Walter Dill Scott was one of the first psychologists to write in depth about the relation of psychology to advertising. Born in 1869 near Cooksville, Ill., Mr. Scott earned a Ph.D. in psychology from the University of Leipzig in Germany in 1900 and, on his return to the U.S., became an instructor in psychology at Northwestern University.
In 1901, Mr. Scott conducted his first experiments in advertising for the Agate Club of Chicago, a local business association. Rather than developing a general theory of psychology, he focused on the study of psychology's application to business, especially its relations to advertising and management. In 1902, he started teaching courses in advertising and applied psychology. His first book, "The Theory of Advertising," appeared in 1903.
Mr. Scott explored the subject further in another book, "The Psychology of Advertising" (1908). He argued for a scientific approach to advertising that looked beyond the physical characteristics of the ad?typography, color, type of paper?to psychological aspects, which, he noted, were dependent upon the belief system of the target audience.
He believed that persuasion was less rational and direct than advocates of "reason-why" theories would have people believe. The process, Mr. Scott said, was more a matter of suggestion than of argument. Eventually, his ideas came to influence many advertising professionals.
Mr. Scott was promoted to professor in 1908. A year later, he became professor of advertising at Northwestern's new School of Commerce, as well as chair of the Department of Psychology. Although his academic responsibilities occupied much of his time, he continued to write, publishing "The Psychology of Advertising in Theory & Practice" in 1913.
He employed findings from his experiments to support certain assertions: that a rectangle was more pleasing to the eye than a square, for example. He believed that many problems in advertising could be solved by analyzing empirical data. He employed surveys to determine why consumers purchased particular products. He calculated the advertising space in certain periodicals to determine which marketers advertised most.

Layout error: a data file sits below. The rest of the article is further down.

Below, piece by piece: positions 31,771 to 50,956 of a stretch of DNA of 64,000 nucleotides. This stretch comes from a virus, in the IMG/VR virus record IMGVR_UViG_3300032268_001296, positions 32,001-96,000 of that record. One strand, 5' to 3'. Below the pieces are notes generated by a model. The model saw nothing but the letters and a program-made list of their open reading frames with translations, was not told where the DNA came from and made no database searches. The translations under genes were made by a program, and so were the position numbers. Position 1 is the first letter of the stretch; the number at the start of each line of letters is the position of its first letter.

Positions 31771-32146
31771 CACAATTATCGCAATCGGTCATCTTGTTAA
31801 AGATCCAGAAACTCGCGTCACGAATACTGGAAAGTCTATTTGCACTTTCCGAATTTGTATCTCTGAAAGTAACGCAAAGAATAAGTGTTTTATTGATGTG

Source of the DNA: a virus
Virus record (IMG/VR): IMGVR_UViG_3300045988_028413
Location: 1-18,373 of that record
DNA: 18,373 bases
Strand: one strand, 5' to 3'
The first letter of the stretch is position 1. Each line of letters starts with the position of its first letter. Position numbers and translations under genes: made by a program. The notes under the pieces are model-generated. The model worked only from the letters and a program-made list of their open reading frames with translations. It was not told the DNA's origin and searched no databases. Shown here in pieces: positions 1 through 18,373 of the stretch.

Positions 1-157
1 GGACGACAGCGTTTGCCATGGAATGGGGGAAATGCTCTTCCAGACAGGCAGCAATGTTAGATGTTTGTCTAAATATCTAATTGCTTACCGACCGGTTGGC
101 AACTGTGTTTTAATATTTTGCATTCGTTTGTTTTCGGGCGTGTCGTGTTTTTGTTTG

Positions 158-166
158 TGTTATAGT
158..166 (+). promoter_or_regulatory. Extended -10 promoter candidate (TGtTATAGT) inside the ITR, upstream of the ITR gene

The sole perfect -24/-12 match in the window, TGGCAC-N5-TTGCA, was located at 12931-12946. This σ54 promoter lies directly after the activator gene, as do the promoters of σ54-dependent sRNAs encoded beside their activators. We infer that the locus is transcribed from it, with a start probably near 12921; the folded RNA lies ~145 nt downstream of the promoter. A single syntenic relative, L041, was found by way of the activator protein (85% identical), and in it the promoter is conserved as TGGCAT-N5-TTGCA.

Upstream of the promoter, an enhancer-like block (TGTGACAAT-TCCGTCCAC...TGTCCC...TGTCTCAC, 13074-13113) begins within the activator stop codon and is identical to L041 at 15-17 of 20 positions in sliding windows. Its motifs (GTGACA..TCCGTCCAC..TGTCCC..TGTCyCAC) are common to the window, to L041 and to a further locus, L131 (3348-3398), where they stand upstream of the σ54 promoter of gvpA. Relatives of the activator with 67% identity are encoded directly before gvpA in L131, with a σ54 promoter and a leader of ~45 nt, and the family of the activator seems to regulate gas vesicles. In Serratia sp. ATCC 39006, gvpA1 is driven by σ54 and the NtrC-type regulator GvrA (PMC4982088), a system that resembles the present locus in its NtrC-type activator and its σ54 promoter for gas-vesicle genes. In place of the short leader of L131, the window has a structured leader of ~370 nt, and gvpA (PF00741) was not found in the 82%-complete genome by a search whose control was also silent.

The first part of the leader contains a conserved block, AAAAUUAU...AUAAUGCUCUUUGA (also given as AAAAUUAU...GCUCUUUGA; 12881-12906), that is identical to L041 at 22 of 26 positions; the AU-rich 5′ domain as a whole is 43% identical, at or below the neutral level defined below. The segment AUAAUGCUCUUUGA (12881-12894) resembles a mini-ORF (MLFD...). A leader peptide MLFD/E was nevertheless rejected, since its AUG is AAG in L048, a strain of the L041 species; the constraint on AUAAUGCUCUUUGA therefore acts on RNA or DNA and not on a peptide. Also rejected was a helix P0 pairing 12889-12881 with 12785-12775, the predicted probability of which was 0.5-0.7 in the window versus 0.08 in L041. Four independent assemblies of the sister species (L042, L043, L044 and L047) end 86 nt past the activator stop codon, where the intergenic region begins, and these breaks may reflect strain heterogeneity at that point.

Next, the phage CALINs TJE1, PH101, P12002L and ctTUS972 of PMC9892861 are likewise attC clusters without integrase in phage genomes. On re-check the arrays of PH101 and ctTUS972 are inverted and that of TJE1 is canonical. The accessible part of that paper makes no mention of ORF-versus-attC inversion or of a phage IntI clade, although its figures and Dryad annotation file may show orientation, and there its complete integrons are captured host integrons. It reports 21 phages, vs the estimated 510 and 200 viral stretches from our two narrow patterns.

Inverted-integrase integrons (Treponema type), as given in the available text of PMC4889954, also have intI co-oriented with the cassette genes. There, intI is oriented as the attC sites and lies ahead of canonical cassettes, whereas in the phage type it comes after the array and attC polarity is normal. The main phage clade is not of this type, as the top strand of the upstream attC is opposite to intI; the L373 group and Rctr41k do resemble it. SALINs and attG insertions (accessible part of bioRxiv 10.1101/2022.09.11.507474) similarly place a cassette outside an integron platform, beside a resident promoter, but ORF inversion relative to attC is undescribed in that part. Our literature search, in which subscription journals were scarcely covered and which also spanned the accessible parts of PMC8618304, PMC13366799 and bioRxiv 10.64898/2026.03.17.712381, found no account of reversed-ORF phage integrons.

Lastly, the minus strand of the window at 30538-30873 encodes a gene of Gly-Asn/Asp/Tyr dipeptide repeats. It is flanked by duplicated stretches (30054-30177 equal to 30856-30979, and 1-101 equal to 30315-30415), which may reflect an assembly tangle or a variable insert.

Mr. Scott took a leave of absence from Northwestern in 1916 to teach applied psychology and direct the Bureau of Salesmanship Research at the Carnegie Institute of Technology (today Carnegie Mellon University) in Pittsburgh. His last major contribution in the field of psychology and advertising was a revision of his book "The Psychology of Advertising" in 1917.
In 1920, Mr. Scott was elected president of Northwestern University, after which he rarely lectured or wrote on the topics that had occupied the earlier part of his career. He helped to raise more than $70 million for the university and was instrumental in the establishment of a campus in Chicago. He died in Evanston, Ill., in 1955.
Born May 1, 1869, near Cooksville, Ill.; graduated from Illinois State Normal University, 1891; received B.A. from Northwestern University in Evanston, Ill., 1895; received B.D. from the McCormick Theological Seminary in Chicago, 1898; received Ph.D. in psychology from the University of Leipzig, Germany, 1900; became instructor in psychology at Northwestern University, 1900; appointed director, Bureau of Salesmanship Research at the Carnegie Institute of Technology, 1916, and president, American Psychological Association, 1919; named director of the Division of Psychology & Anthropology of the National Research Council, 1919; elected president of Northwestern University, 1920; awarded Distinguished Service Medal for service in World War I; died in Evanston on Sept. 23, 1955.